While the blues enthusiast prepares for a crunch voice on leaving Britain, it is … D-day for Unilever

<pre><pre>While the blues enthusiast prepares for a crunch voice on leaving Britain, it is ... D-day for Unilever

While the blues enthusiast prepares for a crunch voice on leaving Britain, it is … D-day for Unilever

James Burton for the daily mail

Investors will be asked within a few days whether Unilever will have to shift its legal base abroad – thus ending decades-long status as an avid part of the London blue-chip index.

Shareholders will receive a document on Tuesday with the fine details of a plan to undermine the double head office in Rotterdam and London that existed since the consumer goods group was formed by an Anglo-Dutch merger of 89 years ago.

Instead, chief executive Paul Polman wants the company – which makes everything from Magnum ice cream to Dove deodorant – to have one legal headquarters in Rotterdam. The step is to simplify the company, which is listed on both the British and Dutch stock exchanges.

But it means that Unilever is no longer included in the FTSE 100 list of the largest public companies in Great Britain for the first time since the introduction of the index in 1984.

Many large British investment companies are only allowed to buy Footsie shares, including pension funds that provide millions of cash savings from savers, which means they will lose their Unilever stake.

The move has enraged many top people who want to hold their investment.

It paved the way for a bitter public battle over the plan of 62-year-old Dutchman Polman.

Half of the investors holding shares in the Dutch equity market must give their approval and are generally expected to do so. But Polman also needs support from 75 percent of the shareholders who own their shares through the London Stock Exchange in a vote next month. It is believed that more than 25 percent of investors could be forced to sell Unilever shares once the rules are in place – possibly enough to beat the proposal if they all voted against it. And at least one major shareholder is considering that.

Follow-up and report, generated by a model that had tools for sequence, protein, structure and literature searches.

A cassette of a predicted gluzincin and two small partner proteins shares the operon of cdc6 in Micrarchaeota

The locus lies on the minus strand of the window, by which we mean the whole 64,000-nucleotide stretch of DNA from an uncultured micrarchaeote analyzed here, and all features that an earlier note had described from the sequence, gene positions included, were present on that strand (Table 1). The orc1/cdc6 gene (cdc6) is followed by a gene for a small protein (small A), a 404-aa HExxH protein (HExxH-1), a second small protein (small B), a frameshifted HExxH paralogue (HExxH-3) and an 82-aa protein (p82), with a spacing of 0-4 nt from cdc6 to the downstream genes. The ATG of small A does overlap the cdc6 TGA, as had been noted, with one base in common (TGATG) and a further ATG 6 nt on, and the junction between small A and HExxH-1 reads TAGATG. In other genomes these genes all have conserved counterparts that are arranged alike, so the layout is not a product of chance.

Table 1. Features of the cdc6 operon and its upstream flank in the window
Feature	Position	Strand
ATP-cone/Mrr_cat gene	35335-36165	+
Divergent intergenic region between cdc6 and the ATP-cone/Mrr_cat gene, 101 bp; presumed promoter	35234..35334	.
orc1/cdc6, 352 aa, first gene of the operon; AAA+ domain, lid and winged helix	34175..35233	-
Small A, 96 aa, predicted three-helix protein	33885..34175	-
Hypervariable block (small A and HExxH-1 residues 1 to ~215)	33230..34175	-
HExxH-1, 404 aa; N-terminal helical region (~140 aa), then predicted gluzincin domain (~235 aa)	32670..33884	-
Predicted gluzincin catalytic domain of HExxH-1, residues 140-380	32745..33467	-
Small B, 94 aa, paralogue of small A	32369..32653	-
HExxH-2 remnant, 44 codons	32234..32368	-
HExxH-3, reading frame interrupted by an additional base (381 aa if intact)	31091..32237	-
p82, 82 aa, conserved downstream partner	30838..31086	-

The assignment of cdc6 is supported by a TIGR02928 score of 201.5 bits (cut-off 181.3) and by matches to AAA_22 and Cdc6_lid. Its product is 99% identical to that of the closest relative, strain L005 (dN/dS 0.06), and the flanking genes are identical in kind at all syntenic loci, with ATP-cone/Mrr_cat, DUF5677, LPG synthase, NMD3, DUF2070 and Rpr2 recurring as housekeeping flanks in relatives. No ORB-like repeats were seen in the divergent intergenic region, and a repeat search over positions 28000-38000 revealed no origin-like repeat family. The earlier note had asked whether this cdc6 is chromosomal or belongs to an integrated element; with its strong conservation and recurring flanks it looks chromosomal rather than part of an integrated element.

Another, Columbia Threadneedle, has expressed concern.

In March, Iain Richards, head of responsible investing: & # 39; They (Unilever) should do more to convince British shareholders of the benefits of the move. & # 39;

Unsubscribe ?: Shareholders receive documents in which the plan is set out to interrupt the double head office in Rotterdam and London

Unsubscribe ?: Shareholders receive documents in which the plan is set out to interrupt the double head office in Rotterdam and London

Unsubscribe ?: Shareholders receive documents in which the plan is set out to interrupt the double head office in Rotterdam and London

Father-of-three Polman claims that the decision will improve corporate governance and accountability. But critics claim that Polman wants to move to the Netherlands to make it more difficult for predators to take over the consumer goods. Unilever fought last year a hostile bid from the American food company Kraft in a bloodshed that managers do not want to repeat.

If shareholders abandon the plan, it is a crushing blow for Polman, who had paid £ 10.4 million last year. The shares rose by 0.5 percent or 21.5p to 4245p.

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